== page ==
While Steinbeck visits 38 out of the 50 American states during the journey chronicled in Travels with Charley, there are specific cities and states that have key meaning to the work's major themes and overall message.
Maine is one of Steinbeck's first major stops in Travels with Charley. While crossing Maine, Steinbeck stops to visit Deer Isle, and more notably, Bangor. In Bangor Steinbeck begins to muse about America's wastefulness and increasing obsession with sterility and artificiality. When describing his hotel room, he writes: "It was immaculate; everything was done in plastics—the floors, the curtain, table tops of stainless burnless plastic, lamp shades of plastic. Only the bedding and the towels were of natural material" (36). When looking into the small bathroom in his hotel room he notes, "Across the toilet seat a strip of paper bore the message: 'this seat has been sterilized with ultraviolet light for your protection.' Everyone was protecting me and it was horrible" (38). Steinbeck sees America's increasing preoccupation with sterility and artificiality as detrimental to the human psyche, the nation, and the natural world.
The other notable theme that Steinbeck focuses on in Bangor is the listlessness and disillusionment that is typical of America's younger generation. He believes apathy is created by the desire for instant gratification that is being fostered by convenience and by the importance placed on the self instead of the community. When stopping for dinner, Steinbeck is served by a waitress who "wasn't happy, but then she wasn't unhappy. She wasn't anything" (37). Believing that it was impossible for "anyone [to be] a nothing," Steinbeck strikes up a conversation with her and is completely disheartened by what he hears (37). After "consider[ing] giving her a five-dollar tip," but deciding against it because "[s]he wouldn't be glad. She'd just think [he] was crazy," Steinbeck retires to his hotel room feeling so miserable that he wanted to "crawl into a plastic cover and die" (38). Steinbeck was so heartsick by what he experienced in Bangor that he did not even sleep in his hotel room that night, but instead went out and slept in Rocinante.
Steinbeck's description of his journey through Seattle is one of the key commentaries about industry and environmentalism found in Travels with Charley. Steinbeck uses intense descriptions to convey the negative impact that industry has had on what he remembers as "a little city of space and trees and gardens, its houses matched to such a background" (138). The new Seattle is a teeming city filled with "traffic rush[ing] with murderous intensity" and where "the yellow smoke of progress hung over all" (138). He also addresses the theme of feeling lost, writing, "On the outskirts of this place I once knew well I could not find my way" (138). While Steinbeck writes about being lost in Seattle, being lost also has a more significant meaning in the larger scope of Travels with Charley in that Steinbeck feels lost in his own country because he finds the American people as well as the American landscape hard to identify with anymore.
While traveling through Oregon on "a rainy Sunday, moving through an endless muddy puddle," Steinbeck's faithful Rocinante's "right rear tire blew out with a damp explosion" (140). Knowing that there would be little hope of finding new tires on a Sunday, Steinbeck cautiously maneuvered Rocinante into town. In the only service station open, Steinbeck met "a giant with a scarred face and an evil white eye" (141). Ironically, Steinbeck finds hope for humankind in this startling apparition of a man, writing: "If ever my faith in the essential saintliness of humans becomes tattered, I shall think of that evil-looking man" (142). The man's kindness was memorable to Steinbeck because he not only called a dozen places to find Steinbeck new tires for Rocinante, but also enlisted the help of his brother-in-law to fetch the tires from another town. After Rocinante was outfitted with her new tires, Steinbeck writes, "I was so full of humble gratefulness, I could hardly speak. That happened on Sunday in Oregon in the rain, and I hope that evil-looking service-station man may live a thousand years and people the earth with his offspring" (142).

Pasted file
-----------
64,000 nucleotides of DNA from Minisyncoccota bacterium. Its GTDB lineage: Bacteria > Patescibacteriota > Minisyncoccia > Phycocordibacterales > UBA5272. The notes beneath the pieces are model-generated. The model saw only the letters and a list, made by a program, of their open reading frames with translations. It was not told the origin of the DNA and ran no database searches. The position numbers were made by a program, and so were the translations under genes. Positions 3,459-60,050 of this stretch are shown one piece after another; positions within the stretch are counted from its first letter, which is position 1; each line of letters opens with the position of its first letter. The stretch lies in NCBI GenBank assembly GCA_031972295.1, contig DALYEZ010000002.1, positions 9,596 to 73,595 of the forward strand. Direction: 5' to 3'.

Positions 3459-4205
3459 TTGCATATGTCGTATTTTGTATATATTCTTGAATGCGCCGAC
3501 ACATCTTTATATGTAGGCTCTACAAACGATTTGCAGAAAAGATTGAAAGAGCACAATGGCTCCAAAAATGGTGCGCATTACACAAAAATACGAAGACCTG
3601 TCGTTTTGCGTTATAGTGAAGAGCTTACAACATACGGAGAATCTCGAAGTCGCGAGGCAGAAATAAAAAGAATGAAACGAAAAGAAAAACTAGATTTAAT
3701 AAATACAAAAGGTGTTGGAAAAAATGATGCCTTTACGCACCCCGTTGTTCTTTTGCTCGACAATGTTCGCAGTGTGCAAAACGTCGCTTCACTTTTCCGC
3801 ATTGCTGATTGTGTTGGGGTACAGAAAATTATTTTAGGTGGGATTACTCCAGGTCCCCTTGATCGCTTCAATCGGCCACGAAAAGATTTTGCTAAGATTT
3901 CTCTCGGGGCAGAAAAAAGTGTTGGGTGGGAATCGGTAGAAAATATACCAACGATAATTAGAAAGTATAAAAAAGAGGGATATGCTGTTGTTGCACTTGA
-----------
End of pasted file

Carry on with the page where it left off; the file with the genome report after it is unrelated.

Having been raised in Salinas, Northern California is one of the primary influential locations throughout Steinbeck's many novels and works of non-fiction. Nonetheless, Steinbeck says he found it "difficult to write about [his] native place, northern California," though he felt that it should "be the easiest" to write about (148). Similarly to Seattle, Steinbeck found his childhood home "slashed with speeding cars" and overpopulated (148). Steinbeck uses Northern California to not only address the theme of environmentalism, but also to expound on the idea of nostalgia and how and why people often find it necessary to cling to the past instead of seeing the present or the future. After meeting with some of his old friends and his family, Steinbeck contemplated how much they had changed. But after reviewing it further, he came to the conclusion that "[s]ometimes the view of change is distorted by a change in oneself. The room which seemed so large is shrunk, the mountain has become a hill" (149). He comes to realize that maybe it was not his friends or family who had changed, but he himself. The concept of not accepting change by clinging to an often-distorted perception of the past fits into the larger theme of the American people refusing to see that they are not living in a golden age anymore, but are instead perpetuating new and dangerous habits that threaten their well-being and the stability of the natural environment.